The log first goes through a belt that twists the red candy around into the iconic stripes. From there, each piece is cut by automatic cutters into the desired size for the candy canes.
The candy canes are wrapped in cellophane, placed in boxes, and shipped to stores. When all is said and done, this entire process from start to finish takes about 30 minutes.
Mix the Ingredients
Grab your bowl and mix a few drops of the flavor with the gum paste mix and water. Start off with the whisk and switch over to the spoon when it gets difficult to stir around. You can add more water if it’s too dry, and more gum paste mix if it’s too wet.
Start off with only a few drops of the peppermint, wintergreen, or spearmint flavor. If they’re not as minty as you would like, add more drops to the next batch! You can also mix in a few drops of vanilla for an extra sweet taste.
Cut the Dough
Cut the dough into the desired shape for your mints. You can use a pizza cutter to make rectangles, roll the dough into little balls, or use a cookie cutter to get certain shapes like hearts or stars.
Sprinkle on Powdered Sugar
Sprinkle powdered sugar on top of the mints while they are sitting on the parchment paper. You only need a few sprinkles on each piece, so use your thumb and pointer finger and gently rub the sugar on top.
Set Out to Dry
Leave the mints on the parchment paper and put them on your kitchen counter to dry. This will likely be about 2 to 3 hours. If you want the mints to be hard, let them sit for a longer amount of time.
Your mints are now ready to go! If you plan on using them as party or wedding favors, you can wrap them individually or put them in some kind of container for all your guests.
How to Reuse Your Old Mint Tins
You’re fresh out of breath mints and all that’s left is the cool tin or container. Rather than tossing it in the garbage, try any of these ideas!
You can store small earrings, necklaces, rings, and bracelets inside of your mint tins. If it looks ugly, a little bit of paint or glitter can go a long way!
Are you tired of digging around in a drawer for paper clips or rubber bands? Keep those small odds and ends right in a mint tin and leave it on top of your desk.
Sure, we all use credit cards these days, but those pennies and dimes are still income. A mint tin is a much better bank than under your couch cushions or the seats in your car!
Put your small travel essentials like Q-tips, bobby pins, and lip balm inside of a mint tin. You can also store crayons inside and keep the kids occupied with a few coloring books.
Perhaps you’re an entrepreneur with a bunch of business cards to carry around. Maybe you just got a ton of gift cards for your birthday. Either way, a mint tin is great storage!
Use it for Your Keys
You’ll never wonder where you put your keys again! An old mint tin is an ideal place for your car and house keys, or for those random keys you need, but don’t use every day.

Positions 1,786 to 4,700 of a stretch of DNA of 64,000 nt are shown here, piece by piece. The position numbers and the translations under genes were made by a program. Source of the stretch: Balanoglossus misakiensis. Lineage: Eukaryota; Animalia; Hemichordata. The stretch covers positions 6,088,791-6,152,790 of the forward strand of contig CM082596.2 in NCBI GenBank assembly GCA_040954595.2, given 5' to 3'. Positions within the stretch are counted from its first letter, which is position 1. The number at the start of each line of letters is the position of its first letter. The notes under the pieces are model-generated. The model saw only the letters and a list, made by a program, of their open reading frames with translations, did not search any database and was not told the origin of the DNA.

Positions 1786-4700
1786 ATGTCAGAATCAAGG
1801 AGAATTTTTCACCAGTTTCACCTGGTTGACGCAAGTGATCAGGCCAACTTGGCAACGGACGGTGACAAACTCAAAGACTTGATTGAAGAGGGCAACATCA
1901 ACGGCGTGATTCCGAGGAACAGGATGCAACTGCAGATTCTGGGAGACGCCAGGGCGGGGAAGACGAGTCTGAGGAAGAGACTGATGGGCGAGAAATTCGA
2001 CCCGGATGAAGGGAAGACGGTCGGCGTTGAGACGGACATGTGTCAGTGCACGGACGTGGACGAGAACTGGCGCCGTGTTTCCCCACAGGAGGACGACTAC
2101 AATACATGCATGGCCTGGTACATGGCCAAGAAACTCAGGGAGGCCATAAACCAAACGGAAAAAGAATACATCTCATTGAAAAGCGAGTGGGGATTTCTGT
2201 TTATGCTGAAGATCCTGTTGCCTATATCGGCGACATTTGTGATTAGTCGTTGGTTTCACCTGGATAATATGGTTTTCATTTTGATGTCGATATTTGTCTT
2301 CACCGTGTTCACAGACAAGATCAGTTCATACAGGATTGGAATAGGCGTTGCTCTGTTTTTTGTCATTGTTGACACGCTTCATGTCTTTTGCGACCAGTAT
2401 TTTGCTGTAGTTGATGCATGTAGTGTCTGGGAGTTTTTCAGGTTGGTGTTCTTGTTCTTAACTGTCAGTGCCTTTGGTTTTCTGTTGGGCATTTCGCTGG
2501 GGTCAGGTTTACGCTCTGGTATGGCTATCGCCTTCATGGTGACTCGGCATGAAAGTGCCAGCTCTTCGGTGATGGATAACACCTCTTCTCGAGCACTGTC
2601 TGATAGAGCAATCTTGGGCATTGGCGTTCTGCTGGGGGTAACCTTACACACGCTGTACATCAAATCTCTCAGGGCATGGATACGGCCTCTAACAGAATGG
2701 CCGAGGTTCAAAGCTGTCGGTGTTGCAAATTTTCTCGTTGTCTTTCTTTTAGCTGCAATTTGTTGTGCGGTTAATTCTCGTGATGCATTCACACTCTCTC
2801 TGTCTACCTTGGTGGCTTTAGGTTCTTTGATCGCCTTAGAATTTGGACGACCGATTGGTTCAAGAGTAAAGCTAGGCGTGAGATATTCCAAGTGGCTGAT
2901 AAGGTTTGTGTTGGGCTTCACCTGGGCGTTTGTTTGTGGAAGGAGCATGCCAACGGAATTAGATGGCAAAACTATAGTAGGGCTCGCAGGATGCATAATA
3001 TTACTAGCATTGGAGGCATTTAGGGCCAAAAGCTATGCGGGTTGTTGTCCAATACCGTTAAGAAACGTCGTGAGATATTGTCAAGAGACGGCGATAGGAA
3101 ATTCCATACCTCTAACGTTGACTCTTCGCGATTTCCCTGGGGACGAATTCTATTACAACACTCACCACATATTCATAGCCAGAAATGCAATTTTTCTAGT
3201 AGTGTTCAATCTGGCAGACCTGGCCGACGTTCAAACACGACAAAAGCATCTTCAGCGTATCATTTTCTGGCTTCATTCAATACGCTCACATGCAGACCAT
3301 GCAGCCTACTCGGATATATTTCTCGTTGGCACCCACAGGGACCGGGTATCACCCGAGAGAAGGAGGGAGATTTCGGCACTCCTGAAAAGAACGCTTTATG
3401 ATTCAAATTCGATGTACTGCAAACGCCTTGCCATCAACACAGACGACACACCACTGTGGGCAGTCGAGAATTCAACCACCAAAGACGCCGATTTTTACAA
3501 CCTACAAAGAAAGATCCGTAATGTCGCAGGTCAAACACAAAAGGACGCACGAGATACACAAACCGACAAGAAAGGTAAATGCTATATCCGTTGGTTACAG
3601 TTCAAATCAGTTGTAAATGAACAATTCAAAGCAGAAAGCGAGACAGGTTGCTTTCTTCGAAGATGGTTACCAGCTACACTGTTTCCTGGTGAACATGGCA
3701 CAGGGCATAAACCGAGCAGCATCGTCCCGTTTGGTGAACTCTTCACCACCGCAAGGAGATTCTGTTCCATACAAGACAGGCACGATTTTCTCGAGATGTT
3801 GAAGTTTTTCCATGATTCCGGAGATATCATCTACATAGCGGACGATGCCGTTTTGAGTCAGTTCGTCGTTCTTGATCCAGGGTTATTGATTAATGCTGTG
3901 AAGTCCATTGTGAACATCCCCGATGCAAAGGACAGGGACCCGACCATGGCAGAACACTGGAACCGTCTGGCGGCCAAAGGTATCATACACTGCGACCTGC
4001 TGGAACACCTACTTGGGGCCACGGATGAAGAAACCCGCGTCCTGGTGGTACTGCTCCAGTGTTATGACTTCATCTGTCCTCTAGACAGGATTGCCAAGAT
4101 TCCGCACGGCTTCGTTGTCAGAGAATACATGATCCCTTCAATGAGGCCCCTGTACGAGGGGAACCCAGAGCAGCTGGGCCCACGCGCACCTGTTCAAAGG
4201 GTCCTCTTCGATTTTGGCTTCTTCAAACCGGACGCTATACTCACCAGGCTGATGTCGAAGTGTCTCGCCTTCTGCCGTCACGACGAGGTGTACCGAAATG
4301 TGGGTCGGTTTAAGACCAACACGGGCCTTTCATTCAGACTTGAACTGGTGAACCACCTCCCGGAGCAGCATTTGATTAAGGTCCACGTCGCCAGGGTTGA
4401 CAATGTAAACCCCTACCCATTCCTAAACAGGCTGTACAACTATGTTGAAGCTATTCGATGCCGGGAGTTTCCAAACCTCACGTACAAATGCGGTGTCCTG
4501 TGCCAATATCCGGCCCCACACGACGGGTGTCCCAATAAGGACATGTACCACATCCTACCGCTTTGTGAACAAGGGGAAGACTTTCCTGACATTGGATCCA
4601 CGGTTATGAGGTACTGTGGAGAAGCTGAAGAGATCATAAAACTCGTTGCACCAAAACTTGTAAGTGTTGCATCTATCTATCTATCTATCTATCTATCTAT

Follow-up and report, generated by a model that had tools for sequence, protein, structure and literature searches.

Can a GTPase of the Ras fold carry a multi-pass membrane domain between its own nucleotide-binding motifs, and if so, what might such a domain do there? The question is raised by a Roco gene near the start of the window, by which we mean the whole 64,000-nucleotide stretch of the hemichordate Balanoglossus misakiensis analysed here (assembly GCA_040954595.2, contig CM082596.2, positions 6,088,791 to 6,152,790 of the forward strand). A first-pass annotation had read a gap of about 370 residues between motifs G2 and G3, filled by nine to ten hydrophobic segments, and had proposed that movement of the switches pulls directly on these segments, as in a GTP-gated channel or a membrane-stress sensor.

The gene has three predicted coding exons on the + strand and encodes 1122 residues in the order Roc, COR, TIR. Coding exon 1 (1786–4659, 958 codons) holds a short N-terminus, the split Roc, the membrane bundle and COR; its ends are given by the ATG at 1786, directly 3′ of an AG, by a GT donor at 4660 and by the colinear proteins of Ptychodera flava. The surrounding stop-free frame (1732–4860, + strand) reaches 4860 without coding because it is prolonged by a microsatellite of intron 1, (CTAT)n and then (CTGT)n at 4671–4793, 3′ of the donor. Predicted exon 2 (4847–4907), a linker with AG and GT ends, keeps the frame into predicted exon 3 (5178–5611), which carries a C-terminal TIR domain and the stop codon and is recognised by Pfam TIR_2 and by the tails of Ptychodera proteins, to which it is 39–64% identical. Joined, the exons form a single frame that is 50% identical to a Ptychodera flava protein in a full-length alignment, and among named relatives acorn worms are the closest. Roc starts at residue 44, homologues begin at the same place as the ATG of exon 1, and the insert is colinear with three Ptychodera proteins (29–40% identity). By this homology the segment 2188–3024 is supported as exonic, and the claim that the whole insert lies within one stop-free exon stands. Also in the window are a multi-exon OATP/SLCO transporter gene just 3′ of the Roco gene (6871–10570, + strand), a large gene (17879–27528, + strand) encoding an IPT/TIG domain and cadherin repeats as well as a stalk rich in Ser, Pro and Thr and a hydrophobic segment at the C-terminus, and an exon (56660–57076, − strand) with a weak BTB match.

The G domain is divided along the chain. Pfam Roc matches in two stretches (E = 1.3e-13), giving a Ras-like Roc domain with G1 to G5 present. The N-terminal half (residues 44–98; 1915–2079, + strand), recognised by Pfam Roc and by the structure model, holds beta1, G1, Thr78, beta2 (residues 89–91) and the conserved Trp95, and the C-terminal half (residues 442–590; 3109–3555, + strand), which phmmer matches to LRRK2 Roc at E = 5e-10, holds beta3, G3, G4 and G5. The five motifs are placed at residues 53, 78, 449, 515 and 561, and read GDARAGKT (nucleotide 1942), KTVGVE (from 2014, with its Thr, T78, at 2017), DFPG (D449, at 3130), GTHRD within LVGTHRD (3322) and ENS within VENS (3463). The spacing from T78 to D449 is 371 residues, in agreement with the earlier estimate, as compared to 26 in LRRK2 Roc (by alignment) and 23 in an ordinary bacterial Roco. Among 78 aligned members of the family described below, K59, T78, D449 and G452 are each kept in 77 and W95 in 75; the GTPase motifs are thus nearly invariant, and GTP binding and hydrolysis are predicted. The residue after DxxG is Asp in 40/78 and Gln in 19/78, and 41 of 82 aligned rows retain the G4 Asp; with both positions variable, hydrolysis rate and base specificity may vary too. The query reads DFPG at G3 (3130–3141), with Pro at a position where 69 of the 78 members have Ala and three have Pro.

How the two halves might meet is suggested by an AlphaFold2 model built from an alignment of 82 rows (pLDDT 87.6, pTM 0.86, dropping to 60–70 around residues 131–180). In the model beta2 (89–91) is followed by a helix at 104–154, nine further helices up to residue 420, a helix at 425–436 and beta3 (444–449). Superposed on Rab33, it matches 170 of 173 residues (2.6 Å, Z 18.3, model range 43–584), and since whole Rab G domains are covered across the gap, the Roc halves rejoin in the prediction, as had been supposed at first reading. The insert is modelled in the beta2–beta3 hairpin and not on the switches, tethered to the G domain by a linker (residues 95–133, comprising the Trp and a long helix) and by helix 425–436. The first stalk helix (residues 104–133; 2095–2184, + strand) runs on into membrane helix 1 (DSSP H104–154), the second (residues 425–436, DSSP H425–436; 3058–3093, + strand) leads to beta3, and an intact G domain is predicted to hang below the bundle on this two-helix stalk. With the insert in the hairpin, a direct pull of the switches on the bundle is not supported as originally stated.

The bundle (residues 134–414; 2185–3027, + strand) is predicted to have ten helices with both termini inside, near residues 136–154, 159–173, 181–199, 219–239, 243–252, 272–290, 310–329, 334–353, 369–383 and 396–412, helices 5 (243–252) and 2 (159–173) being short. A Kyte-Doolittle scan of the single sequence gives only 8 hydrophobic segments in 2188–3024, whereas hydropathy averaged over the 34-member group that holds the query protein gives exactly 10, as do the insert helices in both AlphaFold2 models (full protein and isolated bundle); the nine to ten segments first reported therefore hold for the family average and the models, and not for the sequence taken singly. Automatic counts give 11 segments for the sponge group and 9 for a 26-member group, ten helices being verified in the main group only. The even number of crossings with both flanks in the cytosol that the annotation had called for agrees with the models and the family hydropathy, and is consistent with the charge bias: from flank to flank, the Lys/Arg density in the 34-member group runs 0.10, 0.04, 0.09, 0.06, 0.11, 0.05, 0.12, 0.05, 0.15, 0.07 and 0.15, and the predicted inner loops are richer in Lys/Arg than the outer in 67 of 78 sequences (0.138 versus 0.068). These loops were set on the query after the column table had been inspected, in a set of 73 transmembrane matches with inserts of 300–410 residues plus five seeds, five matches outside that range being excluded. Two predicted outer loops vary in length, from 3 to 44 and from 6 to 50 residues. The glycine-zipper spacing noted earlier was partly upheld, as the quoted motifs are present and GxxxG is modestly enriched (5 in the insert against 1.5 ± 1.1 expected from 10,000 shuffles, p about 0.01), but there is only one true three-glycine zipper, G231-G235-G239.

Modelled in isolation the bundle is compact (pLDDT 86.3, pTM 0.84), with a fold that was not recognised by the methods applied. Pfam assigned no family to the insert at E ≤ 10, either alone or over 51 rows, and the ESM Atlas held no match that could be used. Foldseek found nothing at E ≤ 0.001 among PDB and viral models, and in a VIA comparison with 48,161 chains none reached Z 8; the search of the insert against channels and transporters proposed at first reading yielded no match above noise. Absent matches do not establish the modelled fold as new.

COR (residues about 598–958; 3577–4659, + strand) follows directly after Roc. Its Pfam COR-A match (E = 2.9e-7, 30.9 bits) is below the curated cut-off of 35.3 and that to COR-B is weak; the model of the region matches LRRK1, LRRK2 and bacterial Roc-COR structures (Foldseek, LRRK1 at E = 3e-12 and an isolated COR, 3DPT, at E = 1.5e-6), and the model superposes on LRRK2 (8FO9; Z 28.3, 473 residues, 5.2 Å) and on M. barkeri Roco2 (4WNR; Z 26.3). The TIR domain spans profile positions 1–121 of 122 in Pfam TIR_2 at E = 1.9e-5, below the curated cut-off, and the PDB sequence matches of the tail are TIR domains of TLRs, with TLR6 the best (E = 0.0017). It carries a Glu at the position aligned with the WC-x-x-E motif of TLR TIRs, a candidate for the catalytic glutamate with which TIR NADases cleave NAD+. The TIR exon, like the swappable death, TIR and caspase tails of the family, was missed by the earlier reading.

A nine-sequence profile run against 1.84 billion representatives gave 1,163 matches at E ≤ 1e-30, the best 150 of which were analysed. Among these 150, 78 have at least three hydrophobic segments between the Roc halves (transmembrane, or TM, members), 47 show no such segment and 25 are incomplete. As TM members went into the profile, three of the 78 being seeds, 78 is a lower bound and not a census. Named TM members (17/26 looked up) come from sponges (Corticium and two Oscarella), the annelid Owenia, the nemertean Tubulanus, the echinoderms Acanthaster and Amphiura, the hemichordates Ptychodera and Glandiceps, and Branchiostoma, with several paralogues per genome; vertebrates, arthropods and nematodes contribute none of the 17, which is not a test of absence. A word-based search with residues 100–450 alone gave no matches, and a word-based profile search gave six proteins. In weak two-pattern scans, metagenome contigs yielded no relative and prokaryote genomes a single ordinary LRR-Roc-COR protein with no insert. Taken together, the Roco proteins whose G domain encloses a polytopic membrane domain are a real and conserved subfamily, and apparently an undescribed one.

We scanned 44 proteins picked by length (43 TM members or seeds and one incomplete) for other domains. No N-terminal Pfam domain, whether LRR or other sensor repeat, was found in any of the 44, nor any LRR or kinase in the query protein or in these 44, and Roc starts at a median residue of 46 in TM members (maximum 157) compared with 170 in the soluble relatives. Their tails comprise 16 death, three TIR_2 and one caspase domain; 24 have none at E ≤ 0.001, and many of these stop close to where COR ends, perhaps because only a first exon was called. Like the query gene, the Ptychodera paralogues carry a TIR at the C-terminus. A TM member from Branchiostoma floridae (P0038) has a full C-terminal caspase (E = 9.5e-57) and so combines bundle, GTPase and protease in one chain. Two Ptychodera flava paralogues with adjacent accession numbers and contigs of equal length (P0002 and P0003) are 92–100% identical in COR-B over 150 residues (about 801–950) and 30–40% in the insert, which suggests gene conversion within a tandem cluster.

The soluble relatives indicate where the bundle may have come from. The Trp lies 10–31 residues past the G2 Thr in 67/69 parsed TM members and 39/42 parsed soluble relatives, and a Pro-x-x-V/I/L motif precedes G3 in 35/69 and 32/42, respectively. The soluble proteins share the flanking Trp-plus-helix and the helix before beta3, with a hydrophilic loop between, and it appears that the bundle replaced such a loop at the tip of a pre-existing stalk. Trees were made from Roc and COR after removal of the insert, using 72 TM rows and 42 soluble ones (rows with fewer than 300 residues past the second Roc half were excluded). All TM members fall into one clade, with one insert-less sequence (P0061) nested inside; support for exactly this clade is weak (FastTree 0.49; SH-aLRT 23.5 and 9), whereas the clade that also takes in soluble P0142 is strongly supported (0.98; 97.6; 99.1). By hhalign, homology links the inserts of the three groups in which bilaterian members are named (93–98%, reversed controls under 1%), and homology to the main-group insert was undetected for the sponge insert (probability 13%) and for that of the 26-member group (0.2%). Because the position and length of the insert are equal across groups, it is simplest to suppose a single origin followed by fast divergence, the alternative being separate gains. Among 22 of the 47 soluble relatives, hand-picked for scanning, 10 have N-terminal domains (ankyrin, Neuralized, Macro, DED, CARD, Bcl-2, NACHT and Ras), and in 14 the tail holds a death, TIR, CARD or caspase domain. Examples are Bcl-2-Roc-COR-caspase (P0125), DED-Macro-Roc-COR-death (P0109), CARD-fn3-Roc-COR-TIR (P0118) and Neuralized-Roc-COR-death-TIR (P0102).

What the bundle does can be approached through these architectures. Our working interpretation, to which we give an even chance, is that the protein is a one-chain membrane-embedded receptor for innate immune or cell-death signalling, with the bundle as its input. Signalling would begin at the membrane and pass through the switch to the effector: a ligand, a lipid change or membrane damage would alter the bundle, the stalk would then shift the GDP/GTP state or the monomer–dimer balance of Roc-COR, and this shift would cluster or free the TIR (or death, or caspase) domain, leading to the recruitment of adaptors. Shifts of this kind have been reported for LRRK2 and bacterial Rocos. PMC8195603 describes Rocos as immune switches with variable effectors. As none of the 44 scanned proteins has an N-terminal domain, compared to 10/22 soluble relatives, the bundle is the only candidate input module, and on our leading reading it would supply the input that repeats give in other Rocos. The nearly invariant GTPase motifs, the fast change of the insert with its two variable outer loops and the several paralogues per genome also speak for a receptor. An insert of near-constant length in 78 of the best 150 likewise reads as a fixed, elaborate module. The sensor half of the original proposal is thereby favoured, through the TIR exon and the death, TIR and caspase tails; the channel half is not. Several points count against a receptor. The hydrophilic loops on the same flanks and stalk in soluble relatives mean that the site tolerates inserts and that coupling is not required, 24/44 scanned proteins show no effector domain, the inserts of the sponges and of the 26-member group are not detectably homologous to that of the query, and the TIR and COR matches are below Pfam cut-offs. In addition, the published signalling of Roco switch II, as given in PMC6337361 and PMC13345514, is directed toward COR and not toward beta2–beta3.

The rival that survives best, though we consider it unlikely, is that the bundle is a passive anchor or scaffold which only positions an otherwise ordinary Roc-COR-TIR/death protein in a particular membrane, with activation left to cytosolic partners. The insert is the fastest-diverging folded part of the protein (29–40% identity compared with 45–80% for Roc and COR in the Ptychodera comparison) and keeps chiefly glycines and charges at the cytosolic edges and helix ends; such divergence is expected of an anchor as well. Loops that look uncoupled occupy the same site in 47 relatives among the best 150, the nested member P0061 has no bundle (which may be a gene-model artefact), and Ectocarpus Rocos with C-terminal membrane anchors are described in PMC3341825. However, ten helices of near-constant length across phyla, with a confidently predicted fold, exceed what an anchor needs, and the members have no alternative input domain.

DIY Tic-Tac-Toe Board
Use painter’s tape and make a mini tic-tac-toe board inside of an old mint tin. You can then find “X” and “O” magnets or use colorful push pin magnets instead.
Mint tins are the perfect size for a deck of cards, dice, and a few poker chips. It’s no guarantee that you’ll get that Royal Flush, but at least it makes game night a breeze!
This one is for the crafty people! An old mint tin is a great place for your pom poms, googly eyes, stickers, and stamps. You’ll be nice and organized and ready for your next project!
All those needles and thread spools can get easily misplaced. Turn an old mint tin into a makeshift sewing kit, and you’ll have everything you need in arm’s reach!
No need to flounder over how to store your bait and tackle. Simply reuse an old mint tin, and you’ll catch those fish hook, line, and sinker!
Store Earbuds & Cords
Nobody wants to deal with tangles, whether it’s headphones, video game cables, or USB chargers. Label a bunch of mint tins for your different cords, and you’ll avoid major headaches down the road!
Do you always have spinach stuck in your teeth? Store toothpicks in a mint tin and keep it inside of your bag or purse.
Emergency Kit for Your Car
Keep a few bandages and Neosporin inside of an old mint tin and leave it in your car’s glove compartment. You can also squeeze in other emergency supplies like aspirin and dental floss.
Small tools, like nuts, screws, bolts, drill heads, and nails, fit perfectly inside of an empty mint tin. Just be sure to carefully retrieve them from the tin when they’re ready to be used.
When in doubt, you can always put more candy inside of your mint tins. Anything small, like M&Ms or Skittles, will fit with ease inside of the container.
Do Breath Mints Expire?
Breath mints that are stored in a sealed container will usually expire after 1 year. If yours start to smell funky, change in color, or grow mold, throw them away before that time.
Mint leaves, on the other hand, will last for 5 to 7 days if kept in the fridge or pantry. They can last up to 3 years if you keep them in the freezer. Keep that in mind if you frequently drink Mojitos or like to make your own mint ice cream!
The Bottom Line
The process for making mint candy is fairly simple, but it ends with pure deliciousness. Whether it’s breath mints for that big date or candy canes for the holiday season, you can’t go wrong with these fresh treats!